Going vegan? A helpful Q & A

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Following on from this post, we have committed to the Cape Town Vegan Challenge - three weeks from the end of this month. In preparation for this, I chatted to Nikki (manager of the vegan Plant Cafe in Cape Town) and Muriel (from TedxCapeTown, who is organising the challenge) for a few tips before we begin.

A note - I'm not advocating any particular lifestyle or eating plan.  I'm not telling you what you should or shouldn't eat - I'm simply trying something different and out of my comfort zone to see how my body reacts.

We’re thinking of trying out ‘going vegan’ – what is the best way to start? Won’t I feel awful for the first few days?

I would suggest you start off with a juicing detox. That will help get rid of a lot of toxins in your system and give you the necessary nutrients you need to help you and your body through that period.

I'm personally not convinced of theories around detoxing, but that's my personal opinion—if it'll work for you, go for it! My view is that simply by eliminating unhealthy animal fats and proteins, your body will respond positively (maybe with a couple days of feeling different during the transition).

(Editor's note - if you are in Cape Town and interested in a juice detox, Juice Revolution will deliver to your door - you can ask for a vegan plan with no yoghurt added. If you'd prefer to make your own juices, here are some great ideas to get you started.)

Won’t I lack important nutrients or vitamins by eliminating animal products?

Nikki :  
The most important thing you have to remember is that it is not a punishment, even if it may feel so in the beginning. Make sure you do not deprive yourself of nutrients your body may need. If you eat a balanced diet, you won’t lack for anything. You can get almost all nutrients from plants.

(Editor's note - if you have concerns regarding B12, read this.)

No meat on my plate – what do I put there instead?

The advice I usually give to people who do not know what to eat or cook as a vegan is this: you eat what you would normally eat, but just the vegan version thereof. As an example – if you want scrambled eggs on toast, have scrambled tofu on toast. If you feel like having a piece of steak, have a vegan steak. As you know, we don’t only chew cardboard and lick some carrots!  “Anything you can do, I can do vegan!”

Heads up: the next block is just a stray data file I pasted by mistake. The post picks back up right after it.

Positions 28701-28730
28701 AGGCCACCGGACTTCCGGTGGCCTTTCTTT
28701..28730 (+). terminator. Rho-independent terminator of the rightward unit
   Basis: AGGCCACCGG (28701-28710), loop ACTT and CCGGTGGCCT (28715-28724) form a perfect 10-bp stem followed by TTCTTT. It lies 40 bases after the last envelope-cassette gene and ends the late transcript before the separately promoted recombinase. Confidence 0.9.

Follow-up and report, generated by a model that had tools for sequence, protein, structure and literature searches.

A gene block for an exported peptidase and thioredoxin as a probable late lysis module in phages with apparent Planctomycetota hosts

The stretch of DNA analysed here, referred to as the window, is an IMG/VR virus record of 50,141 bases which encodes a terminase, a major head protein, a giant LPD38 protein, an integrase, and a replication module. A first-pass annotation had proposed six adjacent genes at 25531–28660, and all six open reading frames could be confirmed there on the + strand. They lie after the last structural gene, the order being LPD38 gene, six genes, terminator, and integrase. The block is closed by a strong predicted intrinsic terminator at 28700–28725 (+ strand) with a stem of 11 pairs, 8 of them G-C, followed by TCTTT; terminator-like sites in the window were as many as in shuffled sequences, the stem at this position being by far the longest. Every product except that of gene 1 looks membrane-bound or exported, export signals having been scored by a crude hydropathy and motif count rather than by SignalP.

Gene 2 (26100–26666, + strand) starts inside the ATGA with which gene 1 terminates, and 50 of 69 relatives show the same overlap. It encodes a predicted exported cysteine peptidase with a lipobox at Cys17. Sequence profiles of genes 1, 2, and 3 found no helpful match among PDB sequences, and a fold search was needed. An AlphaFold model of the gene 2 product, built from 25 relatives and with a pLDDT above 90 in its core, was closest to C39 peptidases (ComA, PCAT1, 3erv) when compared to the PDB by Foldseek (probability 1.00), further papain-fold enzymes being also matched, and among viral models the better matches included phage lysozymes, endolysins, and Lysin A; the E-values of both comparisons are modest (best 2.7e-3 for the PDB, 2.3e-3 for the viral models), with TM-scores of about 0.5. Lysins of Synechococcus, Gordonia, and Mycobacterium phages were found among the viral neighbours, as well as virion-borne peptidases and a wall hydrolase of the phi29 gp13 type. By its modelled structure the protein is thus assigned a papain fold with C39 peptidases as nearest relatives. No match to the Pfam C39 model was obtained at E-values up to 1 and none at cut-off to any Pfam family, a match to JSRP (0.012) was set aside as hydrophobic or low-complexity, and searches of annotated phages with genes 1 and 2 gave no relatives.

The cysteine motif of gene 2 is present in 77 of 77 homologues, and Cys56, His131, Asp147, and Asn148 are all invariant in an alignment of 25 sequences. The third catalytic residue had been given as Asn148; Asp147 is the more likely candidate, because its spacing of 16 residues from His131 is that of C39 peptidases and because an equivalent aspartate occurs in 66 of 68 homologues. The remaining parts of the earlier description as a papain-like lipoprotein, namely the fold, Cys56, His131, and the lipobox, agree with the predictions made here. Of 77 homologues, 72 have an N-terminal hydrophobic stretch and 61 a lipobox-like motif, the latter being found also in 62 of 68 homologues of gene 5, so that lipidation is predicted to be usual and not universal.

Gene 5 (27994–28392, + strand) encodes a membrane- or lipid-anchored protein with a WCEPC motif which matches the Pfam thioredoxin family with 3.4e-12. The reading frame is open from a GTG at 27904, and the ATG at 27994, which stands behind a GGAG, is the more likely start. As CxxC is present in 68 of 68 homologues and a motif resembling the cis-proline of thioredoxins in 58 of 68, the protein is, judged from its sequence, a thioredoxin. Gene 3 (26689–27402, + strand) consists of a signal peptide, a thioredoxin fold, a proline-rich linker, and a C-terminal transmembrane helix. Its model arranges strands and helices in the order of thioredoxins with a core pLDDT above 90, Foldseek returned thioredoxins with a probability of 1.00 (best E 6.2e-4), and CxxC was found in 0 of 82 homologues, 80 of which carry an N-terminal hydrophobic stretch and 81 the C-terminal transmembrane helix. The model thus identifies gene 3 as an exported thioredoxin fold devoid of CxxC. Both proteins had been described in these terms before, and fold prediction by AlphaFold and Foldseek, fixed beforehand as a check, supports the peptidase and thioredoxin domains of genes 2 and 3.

For meat substitutes, there are various options: Fry’s products, McBeans products, Seitan (ridiculously easy to make!), Tofu , Tempeh and TVP (soy granules or soy mince).

When it comes to eating meat, I do believe that it is all in the mind. People don’t like meat. They like the taste of meat. Meat by itself is awful. But put some spices on a steak and a marinade and people love meat. The taste that they are after can be replicated for vegan food. Make some seitan, rub some spices on it, pop it in a marinade and then in a pan. Voila – your “meat”.

I wouldn't recommend relying too heavily on very processed foods: tofu and tempeh are minimally processed, whereas seitan is basically isolated gluten protein—in my opinion, best not to have that too often, though it's a great treat.

I agree with Nikki that substituting animal-based foods for plant-based "equivalents" is a helpful way to transition, but I tend not to view my plate in that way. In fact, I've found that my plate tends to consist of a larger variety of foods (think of several side-dishes on one plate) than before I was vegan, when meat would be the highlight, and "veg" would be an afterthought.

Think about trying to get a variety of food-types on your plate, i.e. grains and pseudo-grains, vegetables, legumes (e.g. beans and lentils), nuts (e.g. almonds, cashews) and seeds (e.g. pepitas and sunflower seeds). And fruit for sweetness. That might sound boring, until you find the millions of ways in which you can prepare these foods and make wondrous things.

Ah, but it's not just meat - I won't be having cheese or milk either. What do you suggest?

For milk I can recommend either rice milk or Woolworths’ organic soy milk (unsweetened and sweetened) . Soy milk tends to be a bit bitter, especially the after taste - this brand uses apple concentrate to eliminate that bitterness. The chocolate flavoured one is addictive.

Cheese is a bit of another story all together. We do not get good quality vegan cheeses in South Africa and if by the off chance you DO find something, you have to stop short of selling your children just to be able to afford it. The internet is FULL of vegan cheese recipes which you could make at home (here and here are two to try). Try as many as you can to find something which works for YOU.


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